6. I managed to find a few qualifyings on YouTube from different eras (in full – albeit with the breaks for adverts). The ones I found were the 2001 Canadian Grand Prix and the 2004 Australian Grand Prix.

      My thoughts on the 12 lap/one hour system was that it simply felt tedious. A session of a quarter of the length would have been sufficient enough, and even with tyres that did not chew up after one lap, drivers were generally restricted to a single lap because they did not fuel the car for more than just one flier. The Minardis cleaning the track up for the first half an hour was so, so dull. Sure it got a bit more interesting when all 22 cars were out on track and the Ferraris and McLarens were trading fastest times for a while, but five minutes of excitement in the middle of the session didn’t make up for 55 minutes of twiddling my fingers waiting for it to finish.

      It was clear to see why the one-lap superpole format was dropped in the first place as I watched the 2004 Q2 session (they had Q1 and Q2, with Q1 determining the running order for Q2). If a car failed to do a lap, there was precisely zero on-track activity for a few moments, which was just painful. Sure, a few drivers were punished for the odd off here and there, but until some big names came out later in the session, it just was incredibly tedious – and that’s despite the beloved V10 engines being blasted through my headset.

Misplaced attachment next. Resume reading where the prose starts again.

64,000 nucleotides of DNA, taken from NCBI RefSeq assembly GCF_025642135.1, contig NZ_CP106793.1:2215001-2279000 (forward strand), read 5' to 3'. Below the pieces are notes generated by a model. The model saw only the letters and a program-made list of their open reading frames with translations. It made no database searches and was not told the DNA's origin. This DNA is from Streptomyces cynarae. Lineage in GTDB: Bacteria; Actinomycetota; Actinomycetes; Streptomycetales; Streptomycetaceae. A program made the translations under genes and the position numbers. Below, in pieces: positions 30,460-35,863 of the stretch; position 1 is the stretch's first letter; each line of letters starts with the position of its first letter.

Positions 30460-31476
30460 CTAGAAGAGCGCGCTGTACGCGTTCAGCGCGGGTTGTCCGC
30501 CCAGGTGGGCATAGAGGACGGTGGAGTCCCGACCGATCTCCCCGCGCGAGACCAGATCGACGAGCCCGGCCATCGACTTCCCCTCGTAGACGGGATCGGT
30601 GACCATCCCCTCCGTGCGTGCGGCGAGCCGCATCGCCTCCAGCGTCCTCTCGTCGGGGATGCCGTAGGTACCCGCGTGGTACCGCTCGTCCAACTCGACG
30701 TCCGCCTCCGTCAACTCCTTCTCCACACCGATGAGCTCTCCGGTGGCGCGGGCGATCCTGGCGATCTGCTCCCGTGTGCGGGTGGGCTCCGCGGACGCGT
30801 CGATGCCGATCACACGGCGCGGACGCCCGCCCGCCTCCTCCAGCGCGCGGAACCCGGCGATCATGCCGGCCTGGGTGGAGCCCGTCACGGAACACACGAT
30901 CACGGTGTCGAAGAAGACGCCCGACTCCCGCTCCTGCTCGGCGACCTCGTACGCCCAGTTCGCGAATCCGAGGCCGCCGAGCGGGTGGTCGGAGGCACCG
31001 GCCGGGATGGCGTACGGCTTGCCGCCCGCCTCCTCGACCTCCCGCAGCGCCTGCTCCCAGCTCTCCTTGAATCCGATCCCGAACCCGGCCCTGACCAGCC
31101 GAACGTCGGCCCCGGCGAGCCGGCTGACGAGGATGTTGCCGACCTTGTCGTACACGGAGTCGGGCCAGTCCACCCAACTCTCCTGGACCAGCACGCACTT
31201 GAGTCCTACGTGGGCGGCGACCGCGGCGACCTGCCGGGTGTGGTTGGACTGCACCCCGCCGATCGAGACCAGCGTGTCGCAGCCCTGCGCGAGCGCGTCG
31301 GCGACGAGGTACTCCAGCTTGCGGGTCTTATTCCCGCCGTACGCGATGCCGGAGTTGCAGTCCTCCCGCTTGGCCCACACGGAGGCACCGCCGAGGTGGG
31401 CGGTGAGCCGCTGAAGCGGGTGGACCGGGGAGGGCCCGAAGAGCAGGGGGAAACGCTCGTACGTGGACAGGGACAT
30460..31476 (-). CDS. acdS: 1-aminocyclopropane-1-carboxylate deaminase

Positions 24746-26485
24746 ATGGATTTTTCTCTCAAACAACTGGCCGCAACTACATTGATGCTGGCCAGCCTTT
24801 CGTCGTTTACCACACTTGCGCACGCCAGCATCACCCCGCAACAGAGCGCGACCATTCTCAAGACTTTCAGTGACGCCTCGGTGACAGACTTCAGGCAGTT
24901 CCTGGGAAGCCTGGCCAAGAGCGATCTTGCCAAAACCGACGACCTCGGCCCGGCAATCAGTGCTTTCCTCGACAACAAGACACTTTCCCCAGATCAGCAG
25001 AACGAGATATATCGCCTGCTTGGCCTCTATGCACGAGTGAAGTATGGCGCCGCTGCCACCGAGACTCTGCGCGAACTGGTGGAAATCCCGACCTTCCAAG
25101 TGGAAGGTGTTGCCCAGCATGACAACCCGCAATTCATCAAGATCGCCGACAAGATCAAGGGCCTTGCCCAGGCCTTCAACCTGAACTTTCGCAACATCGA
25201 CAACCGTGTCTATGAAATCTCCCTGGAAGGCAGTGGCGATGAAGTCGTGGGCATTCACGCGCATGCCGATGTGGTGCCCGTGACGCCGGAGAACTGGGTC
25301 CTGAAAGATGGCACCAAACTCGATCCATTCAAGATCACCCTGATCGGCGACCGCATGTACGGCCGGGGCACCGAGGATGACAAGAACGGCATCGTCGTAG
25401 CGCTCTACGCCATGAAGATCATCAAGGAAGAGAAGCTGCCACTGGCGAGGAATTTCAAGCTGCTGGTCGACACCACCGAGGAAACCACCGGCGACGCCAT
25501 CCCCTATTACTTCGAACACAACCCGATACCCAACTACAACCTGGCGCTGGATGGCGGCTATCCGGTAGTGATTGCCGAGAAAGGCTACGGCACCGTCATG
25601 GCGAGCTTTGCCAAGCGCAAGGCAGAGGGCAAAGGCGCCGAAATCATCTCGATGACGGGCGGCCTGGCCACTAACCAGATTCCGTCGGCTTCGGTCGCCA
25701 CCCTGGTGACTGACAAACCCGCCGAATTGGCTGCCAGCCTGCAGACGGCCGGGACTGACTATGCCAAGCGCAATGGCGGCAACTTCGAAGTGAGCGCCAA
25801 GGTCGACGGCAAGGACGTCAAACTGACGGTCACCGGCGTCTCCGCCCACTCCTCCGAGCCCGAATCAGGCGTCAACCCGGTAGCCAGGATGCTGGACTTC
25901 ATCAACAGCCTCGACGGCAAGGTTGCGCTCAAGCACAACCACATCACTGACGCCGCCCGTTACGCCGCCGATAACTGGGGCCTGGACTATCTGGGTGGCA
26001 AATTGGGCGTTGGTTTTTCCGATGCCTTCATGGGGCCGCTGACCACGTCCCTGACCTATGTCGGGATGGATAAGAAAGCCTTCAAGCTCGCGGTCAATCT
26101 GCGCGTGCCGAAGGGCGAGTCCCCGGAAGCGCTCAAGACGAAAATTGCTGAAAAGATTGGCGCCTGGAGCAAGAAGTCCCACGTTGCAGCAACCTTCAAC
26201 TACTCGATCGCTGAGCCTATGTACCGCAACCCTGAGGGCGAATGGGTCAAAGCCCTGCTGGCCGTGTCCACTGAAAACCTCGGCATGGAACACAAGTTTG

As for aggregate qualifying, I agree with all of the above and I do acknowledge that some series do use it, and to good effect. However I just cannot help but feel that all it will achieve is to have cars out on track for one extra lap or one extra run, but at the cost of exposing the strengths of the top teams even further than is already the case. With the field clearly much closer than it was last season, we could have seen plenty of shocks with the format which was in place last year, and I’m talking beyond Daniil Kvyat failing to make Q2 at each event so far.

      1. That’s the worry – this new format will help teams like Mercedes. They can do a banker first lap and then go for it with the second. The other teams will need two full-on laps to even get close!

        There is always the chance a driver in a slower car gets their lap in at the right time or just hit every turn perfectly and pull out a mega lap to qualify above where they should – now they’d have to do that twice which is even less likely….

    7. May i be wrong, but why all the trying on qualy format is pointed to average/consistency and team capability, it’s not the race itself for that? Qualy i think should be about how quick a driver can be with his car, balls out, fastest tyres, low on fuel, max perf on the engine, and a reasonable amount of time and tyres to let drivers show when they can perform above the limits of his car, and i guess such format could mix better the grid.